While working with Boitianor m/a in a rural part of Accra, I was able to make a great contact, Mrs. Deh, affectionately known as Mama Deh. She is the coordinator and founder of the Needy African Child Foundation (NACIF). Her organization was who we partnered with to deliver the Peace and Conflict resolution workshops to the school. She suggested that the books we donated be given to Boitianor m/a school to start their library and she spoke with the headmaster about LitWorld literacy clubs. The headmaster, who was very excited about the LitClubs, said he would include his teachers as facilitators. Mrs Deh also mentioned that a volunteer at her organization, Nana Otu, be responsible as a monitor and chief facilitator for the clubs. Mama Deh is willing to identify schools and good facilitators who would be responsible for creating more LitClubs in Ghana.


Over the rest of our time in Ghana, we were working from the Accra region visiting local youth groups explaining what the project entails and how each group can create and spread peace messages to their peers.

-Shannon Bishop

The Davis Peace Project in South Africa



Shannon Bishop, LitWorld Ambassador in South Africa

I was compelled to apply for funding, and applied to the Davis Project for Peace, through the graduate residence I stay in, International House, New York. I was awarded a $10 000 grant by the Davis Project for Peace to implement teacher training using technology in South Africa, and incorporated LitWorld as a partner into the project. I completed the project over three and a half weeks in Athlone in the Western Cape. 

The incentive for the project stems from an article I read in the New York Times in September, 2009. The article discussed the situation in some South African schools today regarding lack of motivation in teachers, especially using technology in the classroom. The article was based on a school identified by the Khanya Project as being desperately in need of motivation and support to instill a culture of learning, especially through technology.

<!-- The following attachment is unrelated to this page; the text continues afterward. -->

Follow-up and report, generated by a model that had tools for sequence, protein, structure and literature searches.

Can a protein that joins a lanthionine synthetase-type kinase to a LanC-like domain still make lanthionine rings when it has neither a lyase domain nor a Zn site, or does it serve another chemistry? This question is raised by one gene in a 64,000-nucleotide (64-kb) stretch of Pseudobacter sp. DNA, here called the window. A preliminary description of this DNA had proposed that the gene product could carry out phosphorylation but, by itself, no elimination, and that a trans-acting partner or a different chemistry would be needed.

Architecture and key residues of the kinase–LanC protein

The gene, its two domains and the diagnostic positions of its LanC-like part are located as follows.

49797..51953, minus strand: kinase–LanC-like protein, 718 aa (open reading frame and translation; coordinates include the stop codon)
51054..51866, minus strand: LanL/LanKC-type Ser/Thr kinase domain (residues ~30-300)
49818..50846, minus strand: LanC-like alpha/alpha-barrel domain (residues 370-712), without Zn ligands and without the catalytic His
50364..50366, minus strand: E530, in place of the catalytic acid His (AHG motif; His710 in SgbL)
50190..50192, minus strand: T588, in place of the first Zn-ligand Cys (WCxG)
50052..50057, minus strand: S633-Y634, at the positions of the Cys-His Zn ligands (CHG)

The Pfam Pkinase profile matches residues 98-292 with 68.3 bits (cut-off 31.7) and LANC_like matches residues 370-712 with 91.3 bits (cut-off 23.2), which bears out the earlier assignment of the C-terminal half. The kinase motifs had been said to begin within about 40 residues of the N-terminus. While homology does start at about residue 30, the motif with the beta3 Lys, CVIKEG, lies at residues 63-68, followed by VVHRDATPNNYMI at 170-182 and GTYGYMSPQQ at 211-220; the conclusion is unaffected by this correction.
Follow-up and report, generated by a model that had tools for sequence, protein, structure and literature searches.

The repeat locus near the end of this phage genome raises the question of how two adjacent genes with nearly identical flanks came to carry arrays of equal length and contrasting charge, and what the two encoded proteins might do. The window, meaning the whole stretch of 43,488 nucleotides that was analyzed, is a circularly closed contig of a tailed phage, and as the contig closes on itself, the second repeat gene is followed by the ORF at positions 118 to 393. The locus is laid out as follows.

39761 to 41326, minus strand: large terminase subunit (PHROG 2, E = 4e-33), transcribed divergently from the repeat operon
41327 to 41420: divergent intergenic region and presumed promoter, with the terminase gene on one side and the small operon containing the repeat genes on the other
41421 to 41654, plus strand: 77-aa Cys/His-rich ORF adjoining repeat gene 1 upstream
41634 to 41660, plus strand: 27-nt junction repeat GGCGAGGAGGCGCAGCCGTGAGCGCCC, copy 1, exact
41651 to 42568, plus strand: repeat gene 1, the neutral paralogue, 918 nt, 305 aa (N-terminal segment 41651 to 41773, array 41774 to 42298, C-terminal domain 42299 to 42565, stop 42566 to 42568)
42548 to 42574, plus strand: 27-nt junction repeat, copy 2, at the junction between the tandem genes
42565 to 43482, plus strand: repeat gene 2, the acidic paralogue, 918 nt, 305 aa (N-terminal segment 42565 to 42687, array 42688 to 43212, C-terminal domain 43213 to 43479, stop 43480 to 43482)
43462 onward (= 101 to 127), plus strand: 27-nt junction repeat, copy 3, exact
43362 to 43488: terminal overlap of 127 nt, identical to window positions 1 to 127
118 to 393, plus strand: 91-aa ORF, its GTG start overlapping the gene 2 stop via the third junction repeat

I proposed a Teacher Training initiative that uses teacher's personal narratives as a motivational tool to write personal stories using computers, to allow teachers to access and use technology in the classroom. The Teacher training project involves getting teachers fully motivated and on board by developing and implementing a technology curriculum for teachers that integrates literacy skills and social networking, and by giving teachers an incentive -to create their own digital story using technology.


 I approached the NGO, LitWorld, based in New York, and  the Founder and Executive Director, Pam Allyn, a Teachers College Alumnus, generously agreed to pilot a curriculum that integrates the digital resources that are quickly becoming the primary mode for literacy development and (LitWorld’s) core philosophy of transformational literacy in a way that would significantly impact teachers and students in South Africa. LitWorld generously supplied a suitcase full of books for children which will became the parting gift to Bridgeville Primary School to be added to their library for every learner (and teacher) to access. What makes these specific books beneficial is that all these books are being read and integrated into the literacy-using-technology teacher workshop.